This story was originally published and last updated .
If you've ever used the Android Debug Bridge (ADB), you know that it's such a hassle to set up (if you don't happen to be a developer who installed Android Studio already anyway). But with new web tools like the WebUSB API, there's no longer a need to rely on local software to fulfill the most basic ADB needs. That's where WebADB comes in, a free and open-source web service spotted by XDA Developers that allows you to debug Android devices from any supported browser.
The ROG Phone 3 debuted just a few days ago with some pretty ridiculous specs, but the high refresh rate is what the ROG Phone line is primarily known for. This latest version has a display said to be capable of 144Hz, but it seems that ASUS has a 160Hz mode in testing that anyone with an ROG Phone 3 can activate with one ADB command.
Today Google is releasing its third Developer Preview for Android 11. Unfortunately for the Android enthusiast crowd, all of the headlining tweaks in Google's announcement are developer-targeted, though we're guaranteed to find more changes hidden inside DP3.
Anyone who's spent time tinkering with Android devices will be familiar with the Android Debug Bridge (ADB) system. This command line tool lets you communicate with your device from a computer, but it usually requires a cable. With the second Android 11 dev preview, Google has finally added a proper wireless option for ADB.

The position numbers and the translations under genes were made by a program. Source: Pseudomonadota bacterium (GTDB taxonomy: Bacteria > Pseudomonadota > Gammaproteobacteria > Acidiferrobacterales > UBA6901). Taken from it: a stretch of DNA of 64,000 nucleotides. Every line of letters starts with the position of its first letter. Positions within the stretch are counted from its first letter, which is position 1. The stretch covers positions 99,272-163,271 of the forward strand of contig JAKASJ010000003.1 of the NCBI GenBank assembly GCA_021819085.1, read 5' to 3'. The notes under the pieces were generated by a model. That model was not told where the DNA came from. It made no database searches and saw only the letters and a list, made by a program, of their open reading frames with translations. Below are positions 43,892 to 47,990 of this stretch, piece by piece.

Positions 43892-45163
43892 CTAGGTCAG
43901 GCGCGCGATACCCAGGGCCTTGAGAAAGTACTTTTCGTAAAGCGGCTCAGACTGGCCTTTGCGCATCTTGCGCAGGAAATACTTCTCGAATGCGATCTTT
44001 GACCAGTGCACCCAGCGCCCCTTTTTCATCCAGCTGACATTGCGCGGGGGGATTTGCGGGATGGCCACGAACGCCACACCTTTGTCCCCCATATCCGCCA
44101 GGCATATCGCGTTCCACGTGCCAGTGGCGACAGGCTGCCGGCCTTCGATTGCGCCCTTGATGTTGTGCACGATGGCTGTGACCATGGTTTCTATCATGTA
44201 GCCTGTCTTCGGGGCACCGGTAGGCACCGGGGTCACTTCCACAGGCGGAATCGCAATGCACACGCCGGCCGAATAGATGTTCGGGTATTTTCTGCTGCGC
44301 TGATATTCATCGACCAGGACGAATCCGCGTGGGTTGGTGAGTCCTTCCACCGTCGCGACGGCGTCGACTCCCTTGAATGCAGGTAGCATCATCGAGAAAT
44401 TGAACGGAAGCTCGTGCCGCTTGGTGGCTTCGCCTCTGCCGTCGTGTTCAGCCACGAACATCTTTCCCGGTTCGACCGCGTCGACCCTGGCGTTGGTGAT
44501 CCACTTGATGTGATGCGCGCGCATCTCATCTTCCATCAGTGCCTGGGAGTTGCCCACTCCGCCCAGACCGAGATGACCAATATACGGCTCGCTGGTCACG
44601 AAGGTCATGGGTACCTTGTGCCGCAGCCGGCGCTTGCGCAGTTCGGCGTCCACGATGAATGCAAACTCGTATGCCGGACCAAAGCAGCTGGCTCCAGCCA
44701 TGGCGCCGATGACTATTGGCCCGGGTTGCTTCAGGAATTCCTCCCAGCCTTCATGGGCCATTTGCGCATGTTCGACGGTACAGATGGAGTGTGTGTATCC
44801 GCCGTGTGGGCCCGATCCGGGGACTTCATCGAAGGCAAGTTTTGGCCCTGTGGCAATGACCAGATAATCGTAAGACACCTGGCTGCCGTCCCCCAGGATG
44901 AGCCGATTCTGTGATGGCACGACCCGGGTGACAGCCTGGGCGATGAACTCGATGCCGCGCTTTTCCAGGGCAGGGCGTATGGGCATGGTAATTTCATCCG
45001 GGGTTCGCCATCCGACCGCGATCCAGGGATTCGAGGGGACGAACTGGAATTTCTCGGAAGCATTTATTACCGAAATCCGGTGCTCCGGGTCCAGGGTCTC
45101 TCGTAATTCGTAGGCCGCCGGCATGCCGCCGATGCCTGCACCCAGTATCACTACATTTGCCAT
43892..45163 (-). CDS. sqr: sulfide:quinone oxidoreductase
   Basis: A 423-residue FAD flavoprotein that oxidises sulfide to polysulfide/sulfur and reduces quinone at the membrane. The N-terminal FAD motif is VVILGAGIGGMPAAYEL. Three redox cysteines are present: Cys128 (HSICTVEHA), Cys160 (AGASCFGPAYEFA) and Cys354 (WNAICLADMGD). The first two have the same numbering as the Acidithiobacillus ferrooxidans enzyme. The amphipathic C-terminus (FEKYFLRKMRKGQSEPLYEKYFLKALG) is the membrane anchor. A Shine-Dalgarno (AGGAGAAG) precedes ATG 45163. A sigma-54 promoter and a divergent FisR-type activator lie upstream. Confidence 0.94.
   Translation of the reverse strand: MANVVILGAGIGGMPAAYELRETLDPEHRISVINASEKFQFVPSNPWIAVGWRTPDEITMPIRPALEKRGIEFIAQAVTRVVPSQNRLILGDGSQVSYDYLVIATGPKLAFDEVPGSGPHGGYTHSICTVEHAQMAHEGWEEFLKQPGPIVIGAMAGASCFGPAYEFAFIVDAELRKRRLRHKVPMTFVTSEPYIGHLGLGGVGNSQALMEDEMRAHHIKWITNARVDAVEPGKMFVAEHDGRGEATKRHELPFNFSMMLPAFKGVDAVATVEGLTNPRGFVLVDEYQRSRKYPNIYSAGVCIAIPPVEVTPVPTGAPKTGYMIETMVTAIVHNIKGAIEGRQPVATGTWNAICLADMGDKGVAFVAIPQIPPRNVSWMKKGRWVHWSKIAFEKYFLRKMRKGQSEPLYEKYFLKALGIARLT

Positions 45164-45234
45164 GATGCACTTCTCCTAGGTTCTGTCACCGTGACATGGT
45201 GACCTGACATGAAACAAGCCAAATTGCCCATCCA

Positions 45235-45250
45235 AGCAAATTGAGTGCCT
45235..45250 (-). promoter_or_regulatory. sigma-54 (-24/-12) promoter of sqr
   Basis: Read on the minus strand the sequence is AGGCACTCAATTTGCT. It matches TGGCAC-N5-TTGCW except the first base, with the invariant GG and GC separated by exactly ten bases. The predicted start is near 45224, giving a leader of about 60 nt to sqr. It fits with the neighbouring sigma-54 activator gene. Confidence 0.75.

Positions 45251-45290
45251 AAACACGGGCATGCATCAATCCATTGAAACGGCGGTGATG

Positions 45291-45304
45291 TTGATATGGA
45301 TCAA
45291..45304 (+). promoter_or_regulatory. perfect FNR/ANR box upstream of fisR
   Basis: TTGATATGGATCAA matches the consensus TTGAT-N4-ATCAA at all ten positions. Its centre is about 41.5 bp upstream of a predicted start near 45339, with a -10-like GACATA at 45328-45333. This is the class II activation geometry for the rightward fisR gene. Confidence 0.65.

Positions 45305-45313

Ahead of Android 10's official launch, developer Kieron Quinn published DarQ, an application that forces the new OS' dark theme on a per-app basis, complete with a scheduling option that's still extremely useful to this day. Until now, the product had exclusively relied on root access, but Quinn shared with us that following a recent update to version 1.2, you can grant the needed permissions via ADB — no root required anymore.
Google just released a new browser tool for developers that enjoy mucking about with AOSP (Android Open Source Project) test builds. It's called the Android Flash Tool, and it works almost entirely inside your browser, allowing you to quickly and easily pull down AOSP images and flash them to your phone. With it, developers can check app compatibility with AOSP changes, and folks mucking about in the Android source code can see their tweaks on a real device. Although it's pretty snazzy, it doesn't look like it will be any use to the root-and-ROM crowd (yet).
ADB is the main command line tool for interacting with Android devices. It can be used to sideload APKs, copy data, and more. Starting with Android 4.0 ICS, a feature to backup and restore applications (and their data) was added, but that functionality will be removed in a future Android release.
Installing an app from the Play Store is an almost magically streamlined experience: You find the app you want, tap “Install,” and sit back while Google takes care of the rest. But behind the scenes there's some clever business going on to make sure that your phone gets the particular version of an app that's best suited for it. That process is now getting even more complicated as Google introduces something called the Android App Bundle and a process known as Dynamic Delivery. Let's take a look at what's changing, and how this is going to affect you.